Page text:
Kodak Tri-X, as a concept, has been around since the 1940’s when it was a 200 ISO b&w sheet film. Because it was their first fast film, when Kodak released the 400 ISO roll film version, the Tri-X name was maintained. Just like Kodak TMAX P3200 revolutionized low light photography in 1989, Tri-X was an […]Read more "Happy Birthday, Kodak Tri-X"
Choosing Leica mount lenses is always a bit of a struggle for me. I can find things I like and don’t like about them all. And the ones that meet my ideal specs are often out of my price range. So I will end up buying another lens as a reaction to something I did […]Read more "5 LTM 50’s for $500 or Less"
It’s what we call a photograph that appears to be made with little consideration for the tenants of imaging and principles of design. Voigtländer has a lens named after it. It’s usually proceeded by the word “quick.” What is really meant when we call something a “snapshot?” I started thinking about this because, when I […]Read more "What is a Snapshot?"
In early 2019, the film community was pretty stressed out, and with good reason. The nearly two century old chemical manufacturer, Tetenal appeared close to shutting down. Many photographers have probably never even heard of this company, but Tetenal has been “the man behind the curtain” for many of Kodak’s products for decades. The product […]Read more "These Photos Were Processed In Kodak’s New HC110 In Spite of The Product’s Single Flaw"
I touched on this topic a little bit in a previous blog about hoods for various LTM lenses entitled Throwing Shade, but I wanted to drill down on lens hood options for the Leitz 50mm f2 Summitar. As previously stated, I think that earlier Leitz lenses require a hood in many circumstances to perform their […]Read more "Lens Hoods for the Leica Summitar"
*photos and text depict July 2019 There they were, a continuous, almost organized line of middle-aged men in various stages of unfolding tripods, mounting massive DSLR’s on them, carefully aiming long lenses at indeterminate points in the darkening late evening sky. The LCD’s lit their faces with a soft glow as they took test shots […]Read more "Photographing Fireworks with a 90 Year Old Leica"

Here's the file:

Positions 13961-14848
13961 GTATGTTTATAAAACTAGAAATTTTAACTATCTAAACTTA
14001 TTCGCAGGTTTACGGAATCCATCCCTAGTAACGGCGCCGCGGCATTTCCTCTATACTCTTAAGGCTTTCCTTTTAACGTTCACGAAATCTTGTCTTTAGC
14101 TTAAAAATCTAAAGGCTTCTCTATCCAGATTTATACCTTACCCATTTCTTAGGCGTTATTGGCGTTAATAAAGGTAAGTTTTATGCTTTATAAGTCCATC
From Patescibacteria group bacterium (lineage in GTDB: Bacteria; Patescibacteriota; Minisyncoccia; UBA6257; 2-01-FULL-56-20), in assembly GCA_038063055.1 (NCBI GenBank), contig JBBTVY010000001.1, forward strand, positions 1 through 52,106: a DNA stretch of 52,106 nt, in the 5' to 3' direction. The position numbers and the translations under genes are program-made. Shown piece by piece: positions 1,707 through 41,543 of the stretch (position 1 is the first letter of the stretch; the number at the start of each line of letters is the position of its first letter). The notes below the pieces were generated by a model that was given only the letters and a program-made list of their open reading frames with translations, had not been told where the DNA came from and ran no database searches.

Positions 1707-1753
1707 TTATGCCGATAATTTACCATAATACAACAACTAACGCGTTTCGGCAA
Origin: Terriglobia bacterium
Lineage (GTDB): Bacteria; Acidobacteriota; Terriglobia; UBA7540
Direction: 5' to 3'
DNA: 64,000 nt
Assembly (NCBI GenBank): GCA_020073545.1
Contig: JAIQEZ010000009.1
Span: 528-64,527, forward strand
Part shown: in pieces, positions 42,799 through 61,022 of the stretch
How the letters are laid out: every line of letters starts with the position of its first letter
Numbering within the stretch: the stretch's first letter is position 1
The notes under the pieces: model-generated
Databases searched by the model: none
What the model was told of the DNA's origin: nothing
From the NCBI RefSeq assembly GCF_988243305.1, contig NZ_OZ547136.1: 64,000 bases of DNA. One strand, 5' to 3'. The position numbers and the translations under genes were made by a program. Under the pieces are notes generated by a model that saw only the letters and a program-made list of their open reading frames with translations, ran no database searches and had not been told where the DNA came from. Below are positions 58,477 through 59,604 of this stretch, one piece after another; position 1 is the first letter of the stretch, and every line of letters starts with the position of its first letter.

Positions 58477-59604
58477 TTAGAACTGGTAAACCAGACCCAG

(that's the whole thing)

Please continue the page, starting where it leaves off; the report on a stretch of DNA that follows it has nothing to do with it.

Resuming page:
A while back, fellow blogger/photographer Mike Eckman sent me his three favorite Leica copies to compare to my originals. I posted a brief intro before I assessed a Leica II clone, the Zorki-1c. Next was a variation on the classic Barnack design, the Zorki-3. Today’s third, and final review is a curve-ball in every sense, […]Read more "Martyr’s Leica’s vs. Eckman’s Copies: Canon IVsb"
You may have visited my blog expecting the final installment of Martyr’s Leica’s vs. Eckman’s Copies and a review of the Canon IVsb. However, as this isn’t a paid site and my inspiration/motivation is a wavering mess, I’ve decided to postpone the IVsb blog another week (hopefully). Instead, I humbly submit, for your enjoyment and/or […]Read more "Sidetracking with the Voigtlander Bessa R2 and Series Overview"
Recently, fellow blogger/photographer Mike Eckman sent me his three favorite Leica copies to compare to my originals. First, I provided a brief introduction. And last Tuesday I posted my thoughts on the popular Zorki-1c. Today’s review is for another of Mike’s Soviet Leica copies, the Zorki-3. So this is where Leica copies get interesting to […]Read more "Martyr’s Leica’s vs. Eckman’s Copies: Zorki-3"
It’s Thursday April 2nd, the day after April Fools Day. But there weren’t many jokes yesterday as the world approached 1 million confirmed cases of the subject of all news outlets; Coronavirus. My photo jobs have dried up as a result of the mandatory shelter in place orders. I am in the process of editing […]Read more "Photography in the Shadow of Coronavirus"